WV Hills
E-WV / WV Humanities Council

On February 28, 1963, the legislature adopted two more songs to join “The West Virginia Hills” as official state songs.

The two new tunes were “West Virginia, My Home Sweet Home” by Colonel Julian Hearne Jr. of Wheeling and “This is My West Virginia” by Iris Bell of Charleston. They were added in honor of the state’s centennial.

While “The West Virginia Hills” had been adopted as the official state song only two years before, it had long been the unofficial song—at least in West Virginia classrooms.

e-wv, The West Virginia Encyclopedia

On February 27, 1871, the West Virginia Legislature incorporated the city of Huntington. It came into existence quite unlike any other community in the state.

It was named for Collis P. Huntington, who, in the early 1870s, was extending the Chesapeake & Ohio Railway from the Atlantic Coast to the Ohio River. For the western terminus of his railroad, he selected a plot of Ohio River farmland that was best known for a small teachers’ school known as Marshall.

e-wv, The West Virginia Encyclopedia / via Charleston Newspapers

On February 24, 1928, physician Donald Rasmussen was born in Colorado. In 1962, he moved to Beckley to work at Miners Memorial Hospital.

He quickly observed that many coal miners were suffering from severe breathing problems. As a result, he began dedicating a good portion of his time to studying black lung disease.

e-wv, The West Virginia Encyclopedia

On February 23, 1945, Marine Corporal Herschel “Woody” Williams perilously risked his life to neutralize Japanese positions during World II.

At the time, American tanks were struggling to open a lane for infantry forces on Iwo Jima. With only four riflemen covering his movements, Williams repeatedly prepared demolition charges and rushed enemy lines.

On February 22, 1945, Justice Chambers was wounded in action on Iwo Jima. For his heroic efforts, he was awarded the Medal of Honor.

Chambers was born in Huntington in 1908 and attended Marshall College (now University) but moved to Washington D.C. before graduating. He attended law school at night, earned his degree, and worked for several federal agencies.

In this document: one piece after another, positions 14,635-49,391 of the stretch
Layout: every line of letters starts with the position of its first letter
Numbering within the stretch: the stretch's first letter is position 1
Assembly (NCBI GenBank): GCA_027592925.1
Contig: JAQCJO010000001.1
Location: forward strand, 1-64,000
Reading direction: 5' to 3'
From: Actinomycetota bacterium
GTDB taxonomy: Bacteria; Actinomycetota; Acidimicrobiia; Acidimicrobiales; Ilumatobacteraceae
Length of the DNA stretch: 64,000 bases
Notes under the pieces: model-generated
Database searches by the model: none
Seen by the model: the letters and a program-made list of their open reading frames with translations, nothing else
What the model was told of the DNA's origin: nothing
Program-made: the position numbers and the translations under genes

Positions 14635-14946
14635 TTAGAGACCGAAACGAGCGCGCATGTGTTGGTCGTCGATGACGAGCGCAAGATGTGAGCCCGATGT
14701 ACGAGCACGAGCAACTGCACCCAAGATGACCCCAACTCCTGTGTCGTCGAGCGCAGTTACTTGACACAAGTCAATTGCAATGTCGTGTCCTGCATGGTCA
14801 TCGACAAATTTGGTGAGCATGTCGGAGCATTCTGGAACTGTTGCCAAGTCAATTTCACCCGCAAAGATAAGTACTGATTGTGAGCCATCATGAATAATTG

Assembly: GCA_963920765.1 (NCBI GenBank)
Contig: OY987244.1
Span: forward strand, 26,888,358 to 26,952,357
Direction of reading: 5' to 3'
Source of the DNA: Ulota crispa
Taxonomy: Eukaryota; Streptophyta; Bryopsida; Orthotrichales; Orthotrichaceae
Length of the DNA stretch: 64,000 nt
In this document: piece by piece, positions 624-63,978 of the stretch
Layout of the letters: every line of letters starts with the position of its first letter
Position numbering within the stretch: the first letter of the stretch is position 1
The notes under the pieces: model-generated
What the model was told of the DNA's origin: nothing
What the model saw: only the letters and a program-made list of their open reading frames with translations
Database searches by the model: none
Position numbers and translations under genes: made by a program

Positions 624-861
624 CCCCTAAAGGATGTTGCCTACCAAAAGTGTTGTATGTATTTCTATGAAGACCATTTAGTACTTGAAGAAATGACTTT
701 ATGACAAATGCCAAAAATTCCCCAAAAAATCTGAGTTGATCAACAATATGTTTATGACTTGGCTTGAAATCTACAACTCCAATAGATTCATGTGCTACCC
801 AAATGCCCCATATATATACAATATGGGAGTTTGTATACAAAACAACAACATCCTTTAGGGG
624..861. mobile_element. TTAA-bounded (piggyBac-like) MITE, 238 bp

Bluefield State College
E-WV / WV Humanities Council

On February 21, 1895, the legislature established the Bluefield Colored Institute, which would become Bluefield State College.

In the late 1800s and early 1900s, thousands of African-Americans moved into Mercer, McDowell, Raleigh, and Fayette counties to work in the mines and for the railroads. At the time, there was a shortage of higher education opportunities for blacks in West Virginia, particularly black teachers.

Wikimedia Commons / User Fir0002

On February 20, 1995, the Golden Delicious apple was officially named the state fruit of West Virginia. It’s one of two popular apples that originated in the Mountain State. The first was the Grimes Golden, discovered in the early 1800s on the Brooke County farm of Thomas Grimes.

Legend has it that the Grimes Golden tree grew from a seed planted by John Chapman, better known as Johnny Appleseed. The original Grimes Golden tree blew down in 1905, after bearing fruit for a century.

e-wv, The West Virginia Encyclopedia / West Virginia Division of Tourism

On February 17, 1735, pioneer Morgan Morgan was commissioned a captain of militia in present Berkeley County. Nearly three centuries later, a successor to Morgan’s militia regiment is still going strong.

The militia’s original purpose was to protect settlers against Indian raids. Then, in the early decades of the nation, the militia took part in every American conflict: from the Revolutionary War through the Civil War. One of the first state militia units reorganized after the Civil War was the Berkeley Light Infantry.

On February 16, 1917, the West Virginia Legislature established what was then known as the West Virginia State Colored Tuberculosis Sanitarium at Denmar. It opened at a time when the state’s public institutions were segregated by race. The Pocahontas County facility treated African American patients who suffered from TB. It was part of a movement by black legislators to build more facilities for African Americans. Prior to that, African Americans with TB had to be sent to a facility in Virginia.

This Week in West Virginia History is a co-production of West Virginia Public Broadcasting and the West Virginia Humanities Council.
e-wv, The West Virginia Encyclopedia online. / e-WV

Author Fanny Kemble Johnson died in Charleston on February 15, 1950, at age 81.

Born in Rockbridge County, Virginia, in 1868, she moved to West Virginia in her late 20s and began her writing career. She and her husband, Vincent Costello, moved from Charleston to Wheeling in 1907, and back to Charleston in 1917.

Mack Day
E-WV / WV Humanities Council

On February 14, 1925, lawman Mack Day was shot dead by a bootlegger at Pageton in McDowell County. The Virginia native had come to McDowell as a young man to mine coal.

He built a 14-room house for his wife and 12 children on Belcher Mountain. He joined the local Odd Fellows, Knights of Pythias, and eventually the Ku Klux Klan, during the Klan’s early-20th-century revival in West Virginia.